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Grits and Groceries restaurant brings crowds from across the South

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TWC News: Grits and Groceries restaurant brings crowds from across the South
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Another typical day at Grits and Groceries Restaurant in Belton, S.C.

The kitchen is churning out plates of food, and there’s hardly an empty seat in the dining area. That activity on the interior belies the fact that this place sits at a lonely rural crossroads.

"And the people that take the time to drive this far, want to be here," said Heidi Tull from Grits and Groceries Restaurant.

Co-owner Heidi Tull handles much of the cooking at Grits and Groceries. Her partner and husband Joe Tull bakes the biscuits and whips up the desserts.

This isolated location was a matter of choice.

“Everywhere we went, I passed this building and I said, you know that's my place, I need to be there,” she said. “That's where I need to be.”

“I love the challenge,” said Heidi. “That's, that's my favorite part. The fact that we're actually in the center of the universe, which is the middle of nowhere and that we can still get people to come.”

Not too long ago, Heidi and Joe worked in a big city-- New Orleans.
They decided to return to their Carolina roots to provide a better quality of life for their young son. They brought back some flavors of the Big Easy, but plenty from other places as well.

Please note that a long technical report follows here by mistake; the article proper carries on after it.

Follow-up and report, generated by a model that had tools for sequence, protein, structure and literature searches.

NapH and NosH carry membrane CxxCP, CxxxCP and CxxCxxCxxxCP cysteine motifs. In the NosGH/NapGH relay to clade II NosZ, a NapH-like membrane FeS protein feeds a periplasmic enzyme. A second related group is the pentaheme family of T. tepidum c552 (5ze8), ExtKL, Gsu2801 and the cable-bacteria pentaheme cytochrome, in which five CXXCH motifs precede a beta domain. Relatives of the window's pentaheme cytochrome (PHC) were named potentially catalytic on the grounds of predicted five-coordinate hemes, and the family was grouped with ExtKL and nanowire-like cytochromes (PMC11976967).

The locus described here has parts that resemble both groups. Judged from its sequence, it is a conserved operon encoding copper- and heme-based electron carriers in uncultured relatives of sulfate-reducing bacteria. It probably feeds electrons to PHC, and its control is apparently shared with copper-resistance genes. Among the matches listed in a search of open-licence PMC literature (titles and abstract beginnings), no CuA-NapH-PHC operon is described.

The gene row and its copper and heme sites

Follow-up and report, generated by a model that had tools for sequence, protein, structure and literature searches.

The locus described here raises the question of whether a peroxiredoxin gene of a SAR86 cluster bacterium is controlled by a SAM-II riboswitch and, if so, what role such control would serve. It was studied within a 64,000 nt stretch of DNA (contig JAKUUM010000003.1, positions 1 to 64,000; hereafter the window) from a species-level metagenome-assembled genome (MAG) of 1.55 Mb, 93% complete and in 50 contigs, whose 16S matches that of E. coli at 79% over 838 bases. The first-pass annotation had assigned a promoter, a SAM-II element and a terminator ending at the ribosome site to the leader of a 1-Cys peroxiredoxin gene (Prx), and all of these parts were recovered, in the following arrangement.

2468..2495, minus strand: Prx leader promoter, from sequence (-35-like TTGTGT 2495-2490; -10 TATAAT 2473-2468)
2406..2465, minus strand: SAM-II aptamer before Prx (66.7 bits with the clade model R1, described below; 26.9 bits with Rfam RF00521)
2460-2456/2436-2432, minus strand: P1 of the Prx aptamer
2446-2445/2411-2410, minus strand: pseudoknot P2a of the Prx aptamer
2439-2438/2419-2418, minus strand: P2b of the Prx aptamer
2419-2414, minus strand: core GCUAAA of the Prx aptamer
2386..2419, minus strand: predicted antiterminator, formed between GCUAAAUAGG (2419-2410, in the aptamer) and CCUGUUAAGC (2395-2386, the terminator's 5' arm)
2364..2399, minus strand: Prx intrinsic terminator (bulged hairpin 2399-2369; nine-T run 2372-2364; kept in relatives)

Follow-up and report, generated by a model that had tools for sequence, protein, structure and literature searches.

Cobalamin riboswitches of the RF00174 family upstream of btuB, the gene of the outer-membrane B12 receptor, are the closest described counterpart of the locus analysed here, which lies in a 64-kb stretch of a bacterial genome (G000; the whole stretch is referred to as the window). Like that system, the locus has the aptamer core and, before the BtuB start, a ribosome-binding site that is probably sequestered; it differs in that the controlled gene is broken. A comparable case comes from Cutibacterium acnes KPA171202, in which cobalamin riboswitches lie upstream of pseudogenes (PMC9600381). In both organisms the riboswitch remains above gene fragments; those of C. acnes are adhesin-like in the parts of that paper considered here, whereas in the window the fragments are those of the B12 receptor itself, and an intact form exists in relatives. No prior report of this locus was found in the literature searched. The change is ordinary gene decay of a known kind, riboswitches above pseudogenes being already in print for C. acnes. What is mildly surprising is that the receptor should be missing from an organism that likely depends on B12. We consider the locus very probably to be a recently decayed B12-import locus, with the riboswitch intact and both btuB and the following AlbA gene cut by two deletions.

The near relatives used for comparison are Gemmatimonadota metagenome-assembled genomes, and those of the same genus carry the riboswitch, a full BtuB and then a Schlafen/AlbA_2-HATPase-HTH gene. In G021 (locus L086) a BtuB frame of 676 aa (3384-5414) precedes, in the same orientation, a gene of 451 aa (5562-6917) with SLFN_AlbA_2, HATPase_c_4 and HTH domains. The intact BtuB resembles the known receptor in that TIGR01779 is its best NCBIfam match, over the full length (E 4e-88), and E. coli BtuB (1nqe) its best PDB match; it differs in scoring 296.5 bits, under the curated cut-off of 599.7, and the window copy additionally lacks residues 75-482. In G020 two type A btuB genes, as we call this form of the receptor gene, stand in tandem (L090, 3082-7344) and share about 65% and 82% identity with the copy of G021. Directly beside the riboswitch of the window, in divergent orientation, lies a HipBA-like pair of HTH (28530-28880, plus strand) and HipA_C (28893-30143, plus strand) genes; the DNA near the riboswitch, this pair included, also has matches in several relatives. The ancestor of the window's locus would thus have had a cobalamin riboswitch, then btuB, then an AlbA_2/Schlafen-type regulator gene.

“We call it eclectic soul food,” said Heidi. “It's comfort food without all the fancy hoopla.”

Heidi and Joe have been back in the Carolinas since 2005 and have built quite a following. The food has gotten a reputation, but what initially catches the attention of most people is that name – Grits and Groceries.

“Most people want to know what it means,” said Heidi. “They want to know where the groceries are. I say, 'in your tummy.' It's an old blues song; 'if i don't love you, eggs ain't poultry, grits ain't groceries and Mona Lisa was a man.' I thought that would be a cute name for this business.”

The local community could not support the restaurant on its own....but the place draws diners from Greenville, Charlotte and Atlanta. At lunch on Saturdays, 300 to 350 people will eat here.

“I cook really fast,” said Heidi. “I have to cook really fast.”

Heidi and Joe could fill a bigger place, and they could most likely be successful in opening a second restaurant somewhere.There seems to be no desire though to go beyond what they have created here.

“We're not looking to go back into a city or expand to a second location,” said Heidi. “We just want to be here and enjoy being here.” ClientIP: UserAgent: CCBot/2.0 ( Profile: TWCSAMLSP